The tour ended in Lod’s shuk, where Shmuli walked into Humous Sabahi, also known as the “Peace Restaurant,” which the MK said is the best humous in Israel. In fact, he brings some to his parents when he visits them every Friday night.
“Everyone comes here – Arabs, Jews.
We leave politics outside and talk about life. Everyone knows each other here,” Shmuli explained, then backing up his words by schmoozing with members of the Sabahi family and the restaurant’s patrons.
WHILE SHMULI helped students find affordable housing in Lod, he has plenty to say about the issue around the country.
“This government, especially [Finance Minister Yair] Lapid, is sure that change begins and ends with a headline. He has a press conference, a bombastic headline in the paper, and only after that does he think about the details,” Shmuli posited.
“I’m concerned that he wants headlines that end with nothing. Despite the headlines, there’s no solution and prices are still rising.
“Young people are at the edge of despair. They thought the big promise after the social protest was Yesh Atid, and they were led astray. They were sold something in a center-left wrapper that turned out to be ultra-right.”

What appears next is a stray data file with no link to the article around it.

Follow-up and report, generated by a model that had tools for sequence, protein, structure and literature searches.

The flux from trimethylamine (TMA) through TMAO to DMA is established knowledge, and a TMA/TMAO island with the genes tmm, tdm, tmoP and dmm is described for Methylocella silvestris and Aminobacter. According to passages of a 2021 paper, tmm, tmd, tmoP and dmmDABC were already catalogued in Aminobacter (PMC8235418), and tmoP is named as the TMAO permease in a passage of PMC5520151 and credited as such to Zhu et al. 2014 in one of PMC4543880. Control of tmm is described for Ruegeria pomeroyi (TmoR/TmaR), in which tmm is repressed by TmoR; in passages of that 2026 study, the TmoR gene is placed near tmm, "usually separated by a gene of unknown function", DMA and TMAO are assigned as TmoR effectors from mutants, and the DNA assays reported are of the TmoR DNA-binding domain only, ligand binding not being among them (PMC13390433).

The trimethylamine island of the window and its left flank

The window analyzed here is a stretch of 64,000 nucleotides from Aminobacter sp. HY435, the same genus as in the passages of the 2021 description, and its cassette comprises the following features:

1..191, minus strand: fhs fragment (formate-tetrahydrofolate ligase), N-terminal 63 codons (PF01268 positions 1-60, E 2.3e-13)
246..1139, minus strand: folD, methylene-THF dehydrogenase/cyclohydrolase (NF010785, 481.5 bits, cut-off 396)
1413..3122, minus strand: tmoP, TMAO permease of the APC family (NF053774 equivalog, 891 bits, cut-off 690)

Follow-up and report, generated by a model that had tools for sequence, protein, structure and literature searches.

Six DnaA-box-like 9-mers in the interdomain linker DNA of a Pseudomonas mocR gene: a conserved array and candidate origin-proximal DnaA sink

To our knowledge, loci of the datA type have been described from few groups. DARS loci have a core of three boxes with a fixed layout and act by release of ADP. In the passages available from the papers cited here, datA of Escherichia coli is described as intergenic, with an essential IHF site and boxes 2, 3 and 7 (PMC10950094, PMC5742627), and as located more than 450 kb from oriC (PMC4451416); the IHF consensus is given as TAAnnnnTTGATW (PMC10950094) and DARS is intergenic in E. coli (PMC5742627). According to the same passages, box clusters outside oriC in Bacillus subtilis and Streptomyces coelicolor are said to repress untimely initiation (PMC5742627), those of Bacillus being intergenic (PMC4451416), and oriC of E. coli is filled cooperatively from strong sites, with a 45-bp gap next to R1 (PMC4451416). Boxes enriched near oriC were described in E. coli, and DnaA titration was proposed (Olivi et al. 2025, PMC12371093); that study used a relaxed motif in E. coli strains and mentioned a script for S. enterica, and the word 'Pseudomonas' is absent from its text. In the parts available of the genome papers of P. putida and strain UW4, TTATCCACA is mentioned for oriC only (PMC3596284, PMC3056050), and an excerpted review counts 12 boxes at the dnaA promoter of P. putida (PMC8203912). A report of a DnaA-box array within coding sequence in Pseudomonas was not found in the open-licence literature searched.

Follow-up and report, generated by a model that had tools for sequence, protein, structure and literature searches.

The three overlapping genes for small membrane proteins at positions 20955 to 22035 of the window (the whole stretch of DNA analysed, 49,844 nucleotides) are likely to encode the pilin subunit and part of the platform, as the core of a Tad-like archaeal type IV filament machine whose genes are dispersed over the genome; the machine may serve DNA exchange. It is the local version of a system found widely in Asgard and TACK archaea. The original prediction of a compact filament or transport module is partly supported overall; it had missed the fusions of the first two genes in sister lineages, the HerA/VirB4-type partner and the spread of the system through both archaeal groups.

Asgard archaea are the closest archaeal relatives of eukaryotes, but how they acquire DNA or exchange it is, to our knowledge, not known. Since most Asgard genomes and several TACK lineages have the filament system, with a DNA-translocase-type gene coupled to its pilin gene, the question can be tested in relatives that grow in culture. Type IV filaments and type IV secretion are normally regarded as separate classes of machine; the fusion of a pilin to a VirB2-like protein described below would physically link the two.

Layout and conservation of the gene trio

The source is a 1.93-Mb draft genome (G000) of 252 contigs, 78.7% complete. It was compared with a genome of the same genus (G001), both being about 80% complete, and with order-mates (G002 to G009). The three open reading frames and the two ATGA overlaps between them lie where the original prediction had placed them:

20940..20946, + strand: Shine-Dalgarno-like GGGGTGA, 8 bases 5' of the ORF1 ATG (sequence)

According to Shmuli, the decisions to instate target prices for housing on land sold by the government and to cancel VAT for young families buying their first home show that “the government understands the current crisis can’t be solved only through the free market.”
However, Shmuli said the plans are “half-baked” and will raise the demand for housing even though there is already a 100,000-home gap in the supply. As such, he fears the current plans will raise housing prices even more.
“I’m glad to hear the socialist spirit entered the housing cabinet. It’s an important move, but we need more aggressive intervention by the government,” he added.
Housing isn’t the only area in which Shmuli’s time as NUIS chairman gave him ammunition to succeed as an MK.
He’s also uniquely experienced in fighting Boycott, Divestment and Sanctions against Israel, especially in the academic field.
Boycotts are not constructive, Shmuli said, because “it hurts all Israelis instead of criticizing a specific policy of encouraging settlements. I don’t think collective punishment is moral.
“It’s not effective, because today most Israelis support a two-state solution and understand that the necessary price for that is giving up territories,” he stated.
“Whoever supports BDS is hurting attempts to reach peace.”
Shmuli doesn’t believe in boycotting settlements, either, saying that “peace and normalization won’t come because of things like that. I invest my energy in other things.